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Assemblywoman Shirley Weber has introduced a bill that would change San Diego Unified Board of Education races to subdistrict-only elections. The bill is on a two-year track to allow the City Council time to possibly introduce its own reforms sooner.
If the San Diego City Council doesn’t pursue a change to how San Diego Unified board members are elected, Assemblywoman Shirley Weber is prepared to do so at the state level.
Weber introduced a bill in late February that would require candidates for the Board of Education to run solely within their subdistricts – a change long sought by many advocates, and recommended by a San Diego County Grand Jury. Right now, candidates run within a subdistrict in the primary, then run districtwide during the general election.
A spokesman for Weber said Thursday they’ve put the bill on a two-year track in order to give the City Council time to move the reform forward itself.
A lawsuit making its way through the court system is also seeking to force the city to move to district-only elections for the school board. It argues that the current system violates the California Voting Rights Act by diluting minority communities’ votes.
Though the San Diego City Council has no oversight over how schools are run, it does have a role in the school board election process because changes to that process require an amendment to the City Charter. Only the City Council or a citizen’s initiative can put changes to the charter on the ballot for voters to consider.
In 2017, the San Diego County Grand Jury determined that requiring candidates to participate in a citywide election, rather than a district-only election, forces them to rely on support and financial backing from special interest groups.
The current election process, the Grand Jury found, “does not always result in board members who reflect the diversity of the district’s population.”
Weber, herself a former San Diego Unified trustee, is especially aware of those issues.
In 2016, one of her top staffers at the time, LaShae Collins, ran for the San Diego Unified board. In the primary, Collins won overwhelmingly – she beat Sharon Whitehurst-Payne by 20 points. But in the citywide general election, where Whitehurst-Payne benefited from union support, Collins lost by 9 points.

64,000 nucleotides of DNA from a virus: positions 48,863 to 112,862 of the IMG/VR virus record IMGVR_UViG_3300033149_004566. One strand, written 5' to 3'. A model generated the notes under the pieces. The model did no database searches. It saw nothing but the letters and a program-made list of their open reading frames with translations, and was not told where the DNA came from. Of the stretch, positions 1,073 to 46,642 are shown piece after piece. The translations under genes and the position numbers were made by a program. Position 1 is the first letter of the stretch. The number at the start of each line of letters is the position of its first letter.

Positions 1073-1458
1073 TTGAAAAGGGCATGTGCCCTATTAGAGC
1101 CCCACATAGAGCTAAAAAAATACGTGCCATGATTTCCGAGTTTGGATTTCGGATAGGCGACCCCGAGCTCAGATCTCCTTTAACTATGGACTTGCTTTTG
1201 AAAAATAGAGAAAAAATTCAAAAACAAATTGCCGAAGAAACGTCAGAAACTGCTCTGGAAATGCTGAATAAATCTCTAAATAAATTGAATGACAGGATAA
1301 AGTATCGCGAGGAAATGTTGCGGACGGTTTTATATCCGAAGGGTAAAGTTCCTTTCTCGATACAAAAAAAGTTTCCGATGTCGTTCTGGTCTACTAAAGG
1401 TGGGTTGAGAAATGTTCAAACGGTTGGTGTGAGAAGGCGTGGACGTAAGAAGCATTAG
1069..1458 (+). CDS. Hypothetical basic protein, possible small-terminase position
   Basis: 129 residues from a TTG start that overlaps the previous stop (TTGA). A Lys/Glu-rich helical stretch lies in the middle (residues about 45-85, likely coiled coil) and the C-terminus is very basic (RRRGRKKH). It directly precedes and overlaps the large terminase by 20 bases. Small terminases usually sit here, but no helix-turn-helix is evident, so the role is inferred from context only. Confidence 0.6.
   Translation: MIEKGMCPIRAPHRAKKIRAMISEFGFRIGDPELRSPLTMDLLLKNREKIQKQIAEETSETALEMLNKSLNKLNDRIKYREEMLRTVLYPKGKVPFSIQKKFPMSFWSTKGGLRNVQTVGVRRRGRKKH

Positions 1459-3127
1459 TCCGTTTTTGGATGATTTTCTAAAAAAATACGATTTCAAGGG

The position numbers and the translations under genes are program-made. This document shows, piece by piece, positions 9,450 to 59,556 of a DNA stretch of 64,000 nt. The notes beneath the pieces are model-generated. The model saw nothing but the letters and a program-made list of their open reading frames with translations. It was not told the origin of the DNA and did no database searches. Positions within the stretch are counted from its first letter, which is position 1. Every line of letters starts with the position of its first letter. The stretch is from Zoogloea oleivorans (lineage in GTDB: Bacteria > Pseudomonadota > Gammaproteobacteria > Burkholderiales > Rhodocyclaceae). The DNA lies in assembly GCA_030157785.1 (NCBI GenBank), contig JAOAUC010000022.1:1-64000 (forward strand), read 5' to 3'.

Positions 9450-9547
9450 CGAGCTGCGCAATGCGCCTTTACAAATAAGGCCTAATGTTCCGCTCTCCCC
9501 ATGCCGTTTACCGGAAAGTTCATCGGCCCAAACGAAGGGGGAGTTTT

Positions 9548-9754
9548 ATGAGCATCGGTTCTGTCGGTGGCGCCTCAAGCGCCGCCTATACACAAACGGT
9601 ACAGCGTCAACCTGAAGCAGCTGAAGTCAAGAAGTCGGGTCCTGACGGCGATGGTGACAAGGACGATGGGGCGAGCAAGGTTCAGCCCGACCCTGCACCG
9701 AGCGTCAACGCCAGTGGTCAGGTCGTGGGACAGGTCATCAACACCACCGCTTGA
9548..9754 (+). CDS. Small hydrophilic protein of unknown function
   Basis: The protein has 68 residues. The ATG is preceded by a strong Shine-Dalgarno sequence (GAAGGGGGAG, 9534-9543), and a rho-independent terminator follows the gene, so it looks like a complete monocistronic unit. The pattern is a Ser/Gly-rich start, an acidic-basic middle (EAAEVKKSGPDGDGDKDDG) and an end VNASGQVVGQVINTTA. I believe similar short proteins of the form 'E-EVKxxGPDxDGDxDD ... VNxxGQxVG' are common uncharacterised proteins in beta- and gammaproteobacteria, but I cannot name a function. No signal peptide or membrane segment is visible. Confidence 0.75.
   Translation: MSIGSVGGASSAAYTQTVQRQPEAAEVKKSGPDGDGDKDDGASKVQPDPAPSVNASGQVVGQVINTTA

“I think it’s clear that most people want these things solved at the local level. But as the Grand Jury pointed out, it hasn’t been solved. It’s still a problem,” said Joe Kocurek, Weber’s spokesman, of the decision to pursue a change at the state level.
The current process has resulted in many trustees strolling onto the school board unopposed or without major challengers. Trustee Mike McQuary won his first term unopposed. When he ran for re-election in 2018, he had a challenger – Marcia Nordstrom – but when he was asked about her by the Union-Tribune editorial board, he couldn’t even remember her name, which is not exactly the sign of a robust contest. Trustee Richard Barrera, who’s dismissed the move to district-only elections as a Republican ploy, has run unopposed in three straight elections.
Over the last two years, the City Council has explored reforms to the San Diego Unified board election process but always stopped short of moving to district-only elections, even as other school boards and city councils across the county have made similar changes.
After collecting feedback from residents last year, San Diego Unified moved forward some election reforms, including limiting trustees to three four-year terms. Voters approved that change in November 2018. But the district – and the Council – decided not to ask voters whether to move to district-only elections.
City Councilman Chris Cate supports the move to district-only elections but seemed wary that the Council will be the body to do it.
He said deliberations with San Diego Unified about further reforms are basically at a standstill.
“I’m appreciative that Dr. Weber has looked into this and has taken it a step further to make sure this becomes a reality,” Cate said. “I’m in support of term limits and sub-district only elections. Because they fall under the purview of the city, school districts should fall under and have the same purview as city officials – no more and no less.”
Though Weber’s office said the assemblywoman hopes the City Council moves forward on the reform, her bill argues that “the dilution of votes of members of a protected class in elections for the Board of Education of the San Diego Unified School District is a matter of statewide concern.”
Kayla Jimenez contributed to this report.